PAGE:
Whatever IT IS was all over the place this weekend, and I realized that summer is in full swing down in the Lone Star state. This is a fleeting moment for us, really. Summer heats up so fast here that if you're not careful it's already August 5 and 110 degrees with crispy grass, dusty fields, and lots of AC. June and early July are for sitting on the porch with a cold beer before the sun sets. The cicadas just started singing a month ago and haven't annoyed anyone yet. And you can sit still without sweltering. Also, the gardens are exploding with leaves and promise before dwindling in the August heat. This year we mixed in lots of compost made by the cows+hay+rain, and the plants went crazy.
Actually, this year's garden almost wasn't planted since I lost my will right around the end of March when plants and seeds need to be in the ground. There's just something about planting a garden that makes things feel permanent, and my goal is to move on from this house, so the idea of it seemed like back-pedaling. Sensing my need for encouragement, Jeremy promised me that this was the very last summer garden here. I rolled my eyes and turned the soil, knowing his fingers were crossed the whole time. Tonight though, we ate our first garden tomatoes with brie and a baguette, put on Seals & Crofts, doused ourselves in bug spray, and watched the chickens peck at the still-green early summer lawn. Sure am glad he tricked me into planting.
But the real news, the truly mind-boggling news, is that the fence is done. The. Fence. Is. Done. Jer and his father get the credit for working like crazy the past several weekends to complete this ridiculous task. Considering that we first discussed the fence last fall and finally began clearing specifically to create it sometime in late winter makes the whole thing slighly anti-climactic. But the fact remains that it's there and done and pretty damn impressive. Aside from the obvious benefits of the fence (keeping donkey noses out of people food), we were shocked at the sense of order it's given the entire place.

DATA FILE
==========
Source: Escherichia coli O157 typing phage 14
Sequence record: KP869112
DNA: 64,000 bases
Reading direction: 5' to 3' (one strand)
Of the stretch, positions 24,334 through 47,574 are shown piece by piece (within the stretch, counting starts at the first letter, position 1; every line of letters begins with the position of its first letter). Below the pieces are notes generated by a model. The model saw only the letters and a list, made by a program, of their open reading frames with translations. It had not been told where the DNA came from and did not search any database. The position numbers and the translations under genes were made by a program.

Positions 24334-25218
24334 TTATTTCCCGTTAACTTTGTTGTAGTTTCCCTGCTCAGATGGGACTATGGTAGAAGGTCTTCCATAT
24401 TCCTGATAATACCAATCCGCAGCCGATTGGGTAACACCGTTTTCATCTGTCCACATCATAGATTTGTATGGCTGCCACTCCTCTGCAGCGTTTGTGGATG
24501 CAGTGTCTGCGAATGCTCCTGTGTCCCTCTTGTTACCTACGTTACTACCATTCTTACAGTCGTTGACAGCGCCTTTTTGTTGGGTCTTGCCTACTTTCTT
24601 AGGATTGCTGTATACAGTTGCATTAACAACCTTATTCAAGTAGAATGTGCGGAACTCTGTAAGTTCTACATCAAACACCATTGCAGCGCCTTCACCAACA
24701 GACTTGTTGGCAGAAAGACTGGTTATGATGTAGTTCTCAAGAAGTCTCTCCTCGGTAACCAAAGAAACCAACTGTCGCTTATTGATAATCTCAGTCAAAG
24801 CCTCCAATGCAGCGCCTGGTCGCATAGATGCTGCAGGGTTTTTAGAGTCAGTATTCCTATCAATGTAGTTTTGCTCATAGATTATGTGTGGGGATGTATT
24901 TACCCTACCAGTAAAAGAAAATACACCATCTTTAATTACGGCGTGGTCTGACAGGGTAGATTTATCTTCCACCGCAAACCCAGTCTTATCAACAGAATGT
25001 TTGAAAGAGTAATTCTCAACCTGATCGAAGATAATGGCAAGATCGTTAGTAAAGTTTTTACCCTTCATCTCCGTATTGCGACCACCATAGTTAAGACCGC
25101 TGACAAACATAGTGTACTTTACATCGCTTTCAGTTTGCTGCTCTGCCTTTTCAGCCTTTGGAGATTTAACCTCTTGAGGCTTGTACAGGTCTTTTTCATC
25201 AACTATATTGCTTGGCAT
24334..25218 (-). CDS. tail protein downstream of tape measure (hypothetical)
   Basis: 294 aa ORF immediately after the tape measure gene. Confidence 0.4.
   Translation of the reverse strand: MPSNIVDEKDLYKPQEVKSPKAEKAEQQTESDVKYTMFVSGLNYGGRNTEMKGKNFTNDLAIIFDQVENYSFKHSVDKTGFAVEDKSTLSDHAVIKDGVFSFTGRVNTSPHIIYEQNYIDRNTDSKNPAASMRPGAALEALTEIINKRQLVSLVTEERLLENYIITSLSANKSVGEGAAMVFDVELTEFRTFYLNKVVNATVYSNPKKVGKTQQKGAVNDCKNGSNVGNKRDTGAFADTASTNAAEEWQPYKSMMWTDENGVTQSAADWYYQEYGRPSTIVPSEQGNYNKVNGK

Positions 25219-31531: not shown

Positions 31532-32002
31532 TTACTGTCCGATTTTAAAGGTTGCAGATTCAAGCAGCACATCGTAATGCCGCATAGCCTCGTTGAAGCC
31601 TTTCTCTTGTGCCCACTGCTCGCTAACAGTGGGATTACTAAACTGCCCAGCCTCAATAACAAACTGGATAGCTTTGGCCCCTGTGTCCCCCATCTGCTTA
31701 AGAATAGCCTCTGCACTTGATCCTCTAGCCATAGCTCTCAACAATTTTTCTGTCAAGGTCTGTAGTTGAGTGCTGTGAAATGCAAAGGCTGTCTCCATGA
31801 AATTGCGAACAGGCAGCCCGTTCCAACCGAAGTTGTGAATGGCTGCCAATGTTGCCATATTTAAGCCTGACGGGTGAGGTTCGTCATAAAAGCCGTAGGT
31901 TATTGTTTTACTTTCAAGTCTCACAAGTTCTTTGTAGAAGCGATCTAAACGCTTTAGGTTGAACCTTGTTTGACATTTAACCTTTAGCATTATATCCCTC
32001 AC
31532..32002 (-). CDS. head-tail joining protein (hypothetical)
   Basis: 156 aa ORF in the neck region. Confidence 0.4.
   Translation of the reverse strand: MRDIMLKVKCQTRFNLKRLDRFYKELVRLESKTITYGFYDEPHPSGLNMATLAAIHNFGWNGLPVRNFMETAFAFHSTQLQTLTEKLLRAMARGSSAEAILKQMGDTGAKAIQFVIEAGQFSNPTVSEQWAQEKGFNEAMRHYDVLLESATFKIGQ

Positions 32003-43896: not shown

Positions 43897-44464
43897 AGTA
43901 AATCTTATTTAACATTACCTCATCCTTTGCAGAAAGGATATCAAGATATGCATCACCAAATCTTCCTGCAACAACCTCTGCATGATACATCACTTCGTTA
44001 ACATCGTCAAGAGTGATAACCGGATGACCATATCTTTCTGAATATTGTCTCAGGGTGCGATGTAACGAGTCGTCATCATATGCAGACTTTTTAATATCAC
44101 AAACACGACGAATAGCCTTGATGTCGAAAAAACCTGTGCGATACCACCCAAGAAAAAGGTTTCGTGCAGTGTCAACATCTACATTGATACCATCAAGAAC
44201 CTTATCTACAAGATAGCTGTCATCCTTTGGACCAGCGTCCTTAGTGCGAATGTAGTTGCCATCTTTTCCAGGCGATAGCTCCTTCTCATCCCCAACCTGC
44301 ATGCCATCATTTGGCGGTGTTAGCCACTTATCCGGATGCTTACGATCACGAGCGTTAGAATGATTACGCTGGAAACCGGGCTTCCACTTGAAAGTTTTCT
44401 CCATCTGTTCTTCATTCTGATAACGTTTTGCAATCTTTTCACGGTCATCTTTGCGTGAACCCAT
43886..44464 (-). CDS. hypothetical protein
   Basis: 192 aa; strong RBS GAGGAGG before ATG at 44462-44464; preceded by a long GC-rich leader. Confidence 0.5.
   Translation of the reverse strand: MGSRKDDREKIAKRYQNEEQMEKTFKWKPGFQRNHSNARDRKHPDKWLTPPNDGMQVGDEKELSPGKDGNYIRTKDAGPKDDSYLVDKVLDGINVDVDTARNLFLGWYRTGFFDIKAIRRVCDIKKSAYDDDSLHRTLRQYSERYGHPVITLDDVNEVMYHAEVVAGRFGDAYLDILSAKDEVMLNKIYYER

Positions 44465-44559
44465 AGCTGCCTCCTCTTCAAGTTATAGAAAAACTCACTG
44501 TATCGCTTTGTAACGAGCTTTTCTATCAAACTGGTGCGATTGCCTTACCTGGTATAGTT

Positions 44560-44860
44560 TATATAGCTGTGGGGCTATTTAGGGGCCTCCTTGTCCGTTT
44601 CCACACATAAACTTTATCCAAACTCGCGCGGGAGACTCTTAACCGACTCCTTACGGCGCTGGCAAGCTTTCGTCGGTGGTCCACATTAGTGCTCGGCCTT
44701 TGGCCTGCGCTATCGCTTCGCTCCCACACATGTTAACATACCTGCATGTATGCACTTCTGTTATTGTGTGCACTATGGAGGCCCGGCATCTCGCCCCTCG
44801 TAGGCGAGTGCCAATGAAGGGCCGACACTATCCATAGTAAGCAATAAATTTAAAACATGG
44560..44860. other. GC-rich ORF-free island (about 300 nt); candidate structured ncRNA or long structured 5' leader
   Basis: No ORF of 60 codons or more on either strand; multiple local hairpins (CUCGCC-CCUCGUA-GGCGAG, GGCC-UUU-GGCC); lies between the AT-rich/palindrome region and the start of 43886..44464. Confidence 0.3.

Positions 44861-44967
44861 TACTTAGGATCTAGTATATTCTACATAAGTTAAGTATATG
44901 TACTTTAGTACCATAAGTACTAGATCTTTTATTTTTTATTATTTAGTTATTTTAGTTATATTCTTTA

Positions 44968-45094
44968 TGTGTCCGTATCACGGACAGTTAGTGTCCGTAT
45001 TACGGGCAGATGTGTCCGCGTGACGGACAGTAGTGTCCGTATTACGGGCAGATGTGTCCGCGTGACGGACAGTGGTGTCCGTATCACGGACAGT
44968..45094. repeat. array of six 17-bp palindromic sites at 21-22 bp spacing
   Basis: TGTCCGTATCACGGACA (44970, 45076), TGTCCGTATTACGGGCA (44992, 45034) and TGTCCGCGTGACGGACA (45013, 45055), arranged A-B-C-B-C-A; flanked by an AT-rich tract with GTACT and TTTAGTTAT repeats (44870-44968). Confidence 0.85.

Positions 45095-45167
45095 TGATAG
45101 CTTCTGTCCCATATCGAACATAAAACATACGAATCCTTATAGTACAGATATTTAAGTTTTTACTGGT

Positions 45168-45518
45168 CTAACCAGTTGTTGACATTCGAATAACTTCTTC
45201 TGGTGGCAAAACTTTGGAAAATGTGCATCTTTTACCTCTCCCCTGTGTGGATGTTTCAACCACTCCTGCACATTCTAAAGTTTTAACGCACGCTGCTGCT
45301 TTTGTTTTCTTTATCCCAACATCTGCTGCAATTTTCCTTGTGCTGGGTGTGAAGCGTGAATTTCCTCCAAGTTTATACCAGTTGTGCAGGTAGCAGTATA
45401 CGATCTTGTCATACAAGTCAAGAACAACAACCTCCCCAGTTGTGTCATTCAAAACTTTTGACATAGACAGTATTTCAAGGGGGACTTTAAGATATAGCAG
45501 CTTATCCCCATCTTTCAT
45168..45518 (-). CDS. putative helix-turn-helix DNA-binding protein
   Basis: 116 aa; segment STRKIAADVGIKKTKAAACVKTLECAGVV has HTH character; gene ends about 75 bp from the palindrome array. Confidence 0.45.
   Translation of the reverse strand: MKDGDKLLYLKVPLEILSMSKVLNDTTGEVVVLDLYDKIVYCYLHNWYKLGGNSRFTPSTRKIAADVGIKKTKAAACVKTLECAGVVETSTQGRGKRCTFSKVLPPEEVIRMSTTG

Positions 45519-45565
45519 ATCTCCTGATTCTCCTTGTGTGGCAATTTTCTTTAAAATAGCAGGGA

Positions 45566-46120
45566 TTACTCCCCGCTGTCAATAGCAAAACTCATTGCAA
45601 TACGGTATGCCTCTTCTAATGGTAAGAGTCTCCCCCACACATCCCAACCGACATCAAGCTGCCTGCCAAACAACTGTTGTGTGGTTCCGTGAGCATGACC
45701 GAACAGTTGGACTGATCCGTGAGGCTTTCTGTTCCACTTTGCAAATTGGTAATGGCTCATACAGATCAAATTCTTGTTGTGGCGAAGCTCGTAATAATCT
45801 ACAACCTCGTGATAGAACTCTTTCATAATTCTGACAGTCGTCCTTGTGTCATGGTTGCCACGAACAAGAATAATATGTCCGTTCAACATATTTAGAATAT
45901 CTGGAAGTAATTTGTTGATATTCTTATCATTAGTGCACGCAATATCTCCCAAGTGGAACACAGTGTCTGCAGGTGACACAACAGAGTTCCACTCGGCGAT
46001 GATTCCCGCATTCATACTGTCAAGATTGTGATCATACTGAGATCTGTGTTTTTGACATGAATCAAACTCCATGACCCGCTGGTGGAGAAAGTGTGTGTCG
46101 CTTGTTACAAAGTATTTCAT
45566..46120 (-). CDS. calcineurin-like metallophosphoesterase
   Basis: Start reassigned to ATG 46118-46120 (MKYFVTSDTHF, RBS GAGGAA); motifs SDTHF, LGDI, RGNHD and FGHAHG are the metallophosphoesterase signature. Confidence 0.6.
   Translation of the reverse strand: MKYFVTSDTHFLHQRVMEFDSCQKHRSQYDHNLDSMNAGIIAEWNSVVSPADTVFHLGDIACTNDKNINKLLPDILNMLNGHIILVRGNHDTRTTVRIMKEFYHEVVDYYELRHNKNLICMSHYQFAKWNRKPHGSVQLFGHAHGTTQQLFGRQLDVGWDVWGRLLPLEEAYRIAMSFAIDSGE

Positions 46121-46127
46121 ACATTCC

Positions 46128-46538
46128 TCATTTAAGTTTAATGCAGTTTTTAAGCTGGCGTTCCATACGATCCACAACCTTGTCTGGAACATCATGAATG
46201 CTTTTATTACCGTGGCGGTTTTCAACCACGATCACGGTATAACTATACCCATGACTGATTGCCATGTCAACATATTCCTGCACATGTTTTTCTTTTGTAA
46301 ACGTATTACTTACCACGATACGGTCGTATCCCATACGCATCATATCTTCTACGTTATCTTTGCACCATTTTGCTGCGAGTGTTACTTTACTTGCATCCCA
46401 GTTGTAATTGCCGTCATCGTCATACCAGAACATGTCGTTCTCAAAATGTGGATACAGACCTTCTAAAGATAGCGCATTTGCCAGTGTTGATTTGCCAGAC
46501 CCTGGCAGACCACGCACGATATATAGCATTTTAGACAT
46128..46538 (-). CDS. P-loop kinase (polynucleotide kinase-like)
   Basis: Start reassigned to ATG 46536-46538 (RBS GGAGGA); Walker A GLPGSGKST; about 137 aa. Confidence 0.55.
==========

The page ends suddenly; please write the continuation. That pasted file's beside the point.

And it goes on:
The fence line is a differentiation between people space and animal space. And the small gate near the woods is lined up with the future front porch. I can almost, almost picture a front yard now that the gate is there which makes me giddy (Picture me: jumping up and down, clapping hands, shouting "yippee!" That kind of giddy.)
So there it is. Fence? Check! Lone Star? Check! Now what?
The next project(s) is beautifully captured here on my grainy iPhone camera.
Not only does each door pictured need to be refurbished (sanded, scraped, painted, planed to appropriate size) but the shed that houses them will have to be dismantled, moved about 40 miles, and re-mantled (?) somewhere at the land. My parents gladly donated the metal shed that's stood in their backyard since the beginning of time and that used to house sheep, goats, and chickens when I was small. For now it will keep old house parts dry but eventually we'll turn it back into an animal sanctuary. Both of these projects are daunting. Well, they seem ridiculous, frankly. But so did the idea of building that fence.Happy early summer! Whereever you are, I hope you have a good view of fireflies and one free hand to slap mosquitoes off your leg.